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Principles of Computer-Aided Design and Manufacturing Second Edition 2004 ISBN 0-13-064631-8 Author: Prof. Farid. Am PowerPoint Presentation
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Principles of Computer-Aided Design and Manufacturing Second Edition 2004 ISBN 0-13-064631-8 Author: Prof. Farid. Am

Principles of Computer-Aided Design and Manufacturing Second Edition 2004 ISBN 0-13-064631-8 Author: Prof. Farid. Am

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Principles of Computer-Aided Design and Manufacturing Second Edition 2004 ISBN 0-13-064631-8 Author: Prof. Farid. Am

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  1. University of Illinois-Chicago Chapter 3 Transformation and Manipulation of Objects Principles of Computer-Aided Design and Manufacturing Second Edition 2004 ISBN 0-13-064631-8 Author: Prof. Farid. Amirouche University of Illinois-Chicago

  2. 3.1 Introduction Motorcycle Engine Design

  3. 3D Detailed Building Layouts

  4. Automobile Body Display

  5. An Auxiliary View of a Building

  6. 3.2 Transformation Matrix 3.3 2D Transformation

  7. Where = Shear along x-direction. = Shear along y-direction

  8. 3.4 Arbitrary Rotation about the Origin Counterclockwise rotation of x and y to obtain and

  9. x1 Where is the rotation matrix.

  10. 3.5Rotation by Different Angles Arbitrary rotation of axes x and y

  11. 3.6 Concatenation 3.7 2D Translation

  12. R= R= Reverse the order of the 2 matrices

  13. 3.8 Projection onto a 2D Plane R1 = where X*=x, y*=y

  14. 3.9 Overall Scaling R= . = An example for overall scaling of an 2D object

  15. 3.10 Rotation about an Arbitrary Point • Example Rotation of an Object about an Arbitrary Point in 2D Let C describe an object or configuration of some geometry, where C is an array of data-point coordinates.

  16. Solution: + - - [R] = Rotation about arbitrary point.

  17. Example Uniform Scaling in 2D Find the transformation matrix that would produce rotation of the geometry about point A, s shown in Figure 3.11(a), followed by a uniform scaling of the geometry down to half its original size.

  18. Solution: Step 1: Place the points into a matrix. Step 2: Translate point A to the origin, that is, -2- along the x-axis and -10 along the y Axis, as shown in Figure 3.11(b). Step 3: Rotate the object 30 degrees about the z-axis, as shown is Figure 3.12(c). Step 4: Translate point A to its original position as shown in Figure 3.12(d). Step 5: Scale the object to half its original size, as shown is Figure 3.13(e).

  19. First step

  20. Step 2 and 3

  21. Final step

  22. 3.11 2D Reflection R= Reflection about y-axis

  23. R= Reflection about x-axis

  24. Reflection about any arbitrary Point T= R= T1=

  25. Reflection about arbitrary point

  26. Reflection about arbitrary axis: a) Coordinate transformation to move the line so it passes through o. T1= b) Rotation to make the x-axis align with the given line T2=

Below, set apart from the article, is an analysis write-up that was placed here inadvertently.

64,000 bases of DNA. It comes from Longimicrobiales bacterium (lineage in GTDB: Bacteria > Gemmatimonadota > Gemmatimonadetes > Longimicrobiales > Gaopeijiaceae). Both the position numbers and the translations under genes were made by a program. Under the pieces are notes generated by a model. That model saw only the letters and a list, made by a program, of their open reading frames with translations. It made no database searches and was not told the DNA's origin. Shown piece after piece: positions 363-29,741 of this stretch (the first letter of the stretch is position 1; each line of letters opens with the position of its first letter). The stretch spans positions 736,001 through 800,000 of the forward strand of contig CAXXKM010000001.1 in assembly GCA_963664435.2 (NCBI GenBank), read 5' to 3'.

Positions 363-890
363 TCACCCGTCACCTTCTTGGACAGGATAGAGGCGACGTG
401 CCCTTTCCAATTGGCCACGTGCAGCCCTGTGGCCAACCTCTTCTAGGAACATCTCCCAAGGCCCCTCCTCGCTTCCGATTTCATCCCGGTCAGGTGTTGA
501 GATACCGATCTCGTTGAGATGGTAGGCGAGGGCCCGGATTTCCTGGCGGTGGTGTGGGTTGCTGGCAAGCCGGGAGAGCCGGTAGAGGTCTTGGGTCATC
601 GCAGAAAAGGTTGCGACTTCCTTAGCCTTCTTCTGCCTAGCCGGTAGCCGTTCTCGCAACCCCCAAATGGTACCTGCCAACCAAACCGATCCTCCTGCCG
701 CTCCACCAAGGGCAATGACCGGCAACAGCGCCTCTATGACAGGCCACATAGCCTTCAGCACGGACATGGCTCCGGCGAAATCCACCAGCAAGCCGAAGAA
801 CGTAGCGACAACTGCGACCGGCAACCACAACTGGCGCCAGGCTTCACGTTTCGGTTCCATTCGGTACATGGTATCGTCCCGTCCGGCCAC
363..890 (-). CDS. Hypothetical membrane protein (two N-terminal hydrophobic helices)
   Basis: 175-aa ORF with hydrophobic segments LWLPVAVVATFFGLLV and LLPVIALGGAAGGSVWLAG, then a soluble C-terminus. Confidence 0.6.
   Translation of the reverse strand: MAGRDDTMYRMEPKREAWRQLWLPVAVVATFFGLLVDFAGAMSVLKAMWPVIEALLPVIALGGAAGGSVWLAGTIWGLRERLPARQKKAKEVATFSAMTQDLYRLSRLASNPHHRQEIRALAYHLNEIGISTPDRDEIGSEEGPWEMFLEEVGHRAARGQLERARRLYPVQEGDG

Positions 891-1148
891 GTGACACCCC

27. c) Reflection about the x-axis R= d) Rotation back by an angle  T3= The concatenated matrix expressing the above steps is defined by

  28. Reflection about an arbitrary axis y=mx+c Reflection of the object

  29. 3.12 3D TRANSFORMATION A trailer with a lower-attachment An energy-fuel vehicle

  30. 3.13 3D Scaling (a) Local Scaling:  (b) Overall Scaling : Overall scaling can be achieved by the following transformation matrix where the final coordinates need to be normalized where

  31. Overall scaling

  32. C = Let R = Then

  33. Figure 3.21 Application of zooming effect in computer graphics

  34. 3D Scaling

  35. 3.14 3D Rotation of objects Rx Rotation about x-axis

  36. R-1 = = RT Or

  37. Ry = Rz = Rotation about y-axis Rotation about z-axis

  38. Example 3.5: Rotation in 3D Space • The box shown in Figure 3.26(A) will demonstrate rotation about an axis in 3D space. The box shown in the figure is at the initial starting point for all three rotations. The labeled points of the box listed in matrix format (see Sec. 3.3) are used with the transformation rotation matrices, equations (3.37), (3.39), and (3.40), to obtain the new coordinates after rotation (rotations are in a counterclockwise direction in this example)

  39. Solution: [C]= Rotation about the x Axis:

  40. [C*]= = Rotation about x-axis for 30 degrees.

  41. Rotation about the y Axis: [C*]= = Rotation about y-axis for 30 degrees

  42. Rotation about the z Axis: [C*] = = Rotation about z-axis for 30 degrees

  43. 3.15 3D Reflection and mirror imaging An example for symmetry

  44. Reflection about the x-y plane is given: Reflection about the y-z plane is given: Reflection about the x-z plane is given:

  45. Example : Building of a Block • Symmetry is the similarity between two objects with respect to a point or a line or a plane. Dimensions of the object with measured from the symmetric plane will be equal for both the object. One object look similar to the mirror image of the other assuming that the central plane acts as a mirror. This concept of symmetry and mirroring are widely used in design and modeling field to reduce model creation time. Use reflection to simplify the creation of the block shown in

  46. Coordinate description using a quarter portion of the block.

  47. Solution: = Step 1: Establish the transformation matrix to reflect the quarter block about the x-y plane [C*] = CR1 = C

  48. Half block obtained by reflection about the xy plane

  49. Step 2: Reflect the half portion of the block about the y-z plane Reflection of half portion of the block about yz plane.